The information provided on this blog is for informational purposes only and should not be considered medical advice. Consult your PCP or eye doctor before starting any new therapies. To schedule a consultation, please contact us.

Ocular Migraine: The Blinding Headache

squinting-eyes-19695_640-300x198 According to the American Optometric Association, an ocular migraine is a severe headache that involves visual symptoms. Some people may describe this condition as a “headache behind the eye,” a “retinal migraine” or “ophthalmic migraine.”

Ocular Migraine Symptoms

Ocular migraines typically cause both pain in the head and visual symptoms. Some of the characteristics of an attack include:

  • Pulsating pain on one side of the head.
  • Pain that worsens with activity.
  • Blind spots in your field of vision.
  • Complete blindness.
  • Flashing lights.

For people with true ocular migraines, these symptoms will occur in one eye only. However, some people may also use the term “ocular migraine” to refer to any migraine that is accompanied by visual symptoms. While ocular migraines accompanied by visual symptoms in both eyes are relatively common among migraine sufferers, true ocular migraines are rare.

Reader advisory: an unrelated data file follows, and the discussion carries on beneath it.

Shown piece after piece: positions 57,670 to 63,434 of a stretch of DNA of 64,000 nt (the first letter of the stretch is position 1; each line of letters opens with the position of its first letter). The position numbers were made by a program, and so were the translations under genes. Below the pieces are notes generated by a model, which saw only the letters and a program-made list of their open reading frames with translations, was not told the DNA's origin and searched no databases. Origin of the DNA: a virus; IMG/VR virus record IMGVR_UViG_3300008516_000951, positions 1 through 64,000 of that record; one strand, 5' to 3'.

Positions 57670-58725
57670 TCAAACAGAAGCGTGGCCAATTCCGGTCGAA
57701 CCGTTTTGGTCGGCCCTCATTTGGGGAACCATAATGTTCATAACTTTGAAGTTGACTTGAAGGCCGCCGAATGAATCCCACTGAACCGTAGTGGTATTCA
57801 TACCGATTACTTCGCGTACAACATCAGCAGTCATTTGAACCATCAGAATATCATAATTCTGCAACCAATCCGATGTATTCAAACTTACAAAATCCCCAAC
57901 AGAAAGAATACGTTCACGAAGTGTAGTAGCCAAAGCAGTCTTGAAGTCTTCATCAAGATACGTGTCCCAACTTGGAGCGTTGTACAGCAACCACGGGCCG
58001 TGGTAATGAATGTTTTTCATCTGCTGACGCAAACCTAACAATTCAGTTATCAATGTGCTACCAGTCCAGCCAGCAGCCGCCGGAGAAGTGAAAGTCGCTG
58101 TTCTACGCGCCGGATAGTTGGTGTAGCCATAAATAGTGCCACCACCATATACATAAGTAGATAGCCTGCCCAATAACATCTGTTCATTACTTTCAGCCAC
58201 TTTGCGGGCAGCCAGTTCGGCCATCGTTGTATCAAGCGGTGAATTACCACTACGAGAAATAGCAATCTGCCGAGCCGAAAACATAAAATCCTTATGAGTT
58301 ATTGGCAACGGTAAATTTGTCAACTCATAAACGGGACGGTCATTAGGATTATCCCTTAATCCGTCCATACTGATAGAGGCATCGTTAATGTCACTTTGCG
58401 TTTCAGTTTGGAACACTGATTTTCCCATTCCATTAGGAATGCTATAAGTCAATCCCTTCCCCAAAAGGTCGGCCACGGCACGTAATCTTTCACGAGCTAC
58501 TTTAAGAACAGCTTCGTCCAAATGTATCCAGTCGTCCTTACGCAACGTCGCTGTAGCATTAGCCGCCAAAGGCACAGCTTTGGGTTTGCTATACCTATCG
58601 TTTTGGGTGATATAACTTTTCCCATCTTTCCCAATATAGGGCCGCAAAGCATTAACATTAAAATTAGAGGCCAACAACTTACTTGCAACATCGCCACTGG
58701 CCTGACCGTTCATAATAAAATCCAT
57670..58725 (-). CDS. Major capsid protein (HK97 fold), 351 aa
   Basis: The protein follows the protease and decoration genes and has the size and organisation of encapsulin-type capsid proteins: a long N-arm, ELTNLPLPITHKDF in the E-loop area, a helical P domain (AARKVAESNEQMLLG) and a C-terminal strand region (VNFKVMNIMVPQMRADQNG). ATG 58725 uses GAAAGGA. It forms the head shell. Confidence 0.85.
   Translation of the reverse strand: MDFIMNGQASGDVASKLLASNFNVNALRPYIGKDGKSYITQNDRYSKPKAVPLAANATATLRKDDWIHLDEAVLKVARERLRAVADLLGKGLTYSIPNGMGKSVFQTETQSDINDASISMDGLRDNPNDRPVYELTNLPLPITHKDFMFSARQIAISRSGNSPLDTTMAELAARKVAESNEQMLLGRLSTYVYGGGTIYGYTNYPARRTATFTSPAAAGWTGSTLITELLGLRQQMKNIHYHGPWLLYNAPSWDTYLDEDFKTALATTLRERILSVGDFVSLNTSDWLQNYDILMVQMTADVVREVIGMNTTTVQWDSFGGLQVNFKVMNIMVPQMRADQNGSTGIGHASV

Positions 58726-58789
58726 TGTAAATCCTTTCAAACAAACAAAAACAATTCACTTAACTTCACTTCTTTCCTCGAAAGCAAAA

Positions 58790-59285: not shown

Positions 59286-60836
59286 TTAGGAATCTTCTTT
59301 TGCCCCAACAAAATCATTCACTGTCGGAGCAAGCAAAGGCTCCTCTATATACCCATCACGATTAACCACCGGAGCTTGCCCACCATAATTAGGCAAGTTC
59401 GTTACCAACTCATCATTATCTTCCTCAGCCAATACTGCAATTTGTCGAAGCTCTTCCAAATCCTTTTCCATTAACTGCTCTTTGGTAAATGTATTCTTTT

Causes of Ocular Migraine

Experts have not yet discovered a definitive cause of ocular migraines. However, this condition is thought to occur because of changes in the retina’s nerve cells or because of spasms within the retina.

What Should I Do if I Think I am Having Ocular Migraines?

Ocular migraines with visual symptoms in only one eye are rare. In many cases, vision loss in only one eye is the result of a condition other than migraine. For this reason, it is important to talk to your doctor if you are experiencing this symptom in order to rule out more serious causes. In addition, because ocular migraines may cause permanent vision loss in one eye, seeking medical attention is the best course of action even if your symptoms are migraine-related.

If you are having migraines accompanied by visual symptoms in both of your eyes, your condition is less likely to be serious. However, you should still talk to your doctor about possible causes and treatments. If you have questions or want to schedule an appointment with our eye doctors, contact our offices in Santa Rosa at (707) 546-9800. We would be happy to schedule an appointment for you or answer any questions you have.

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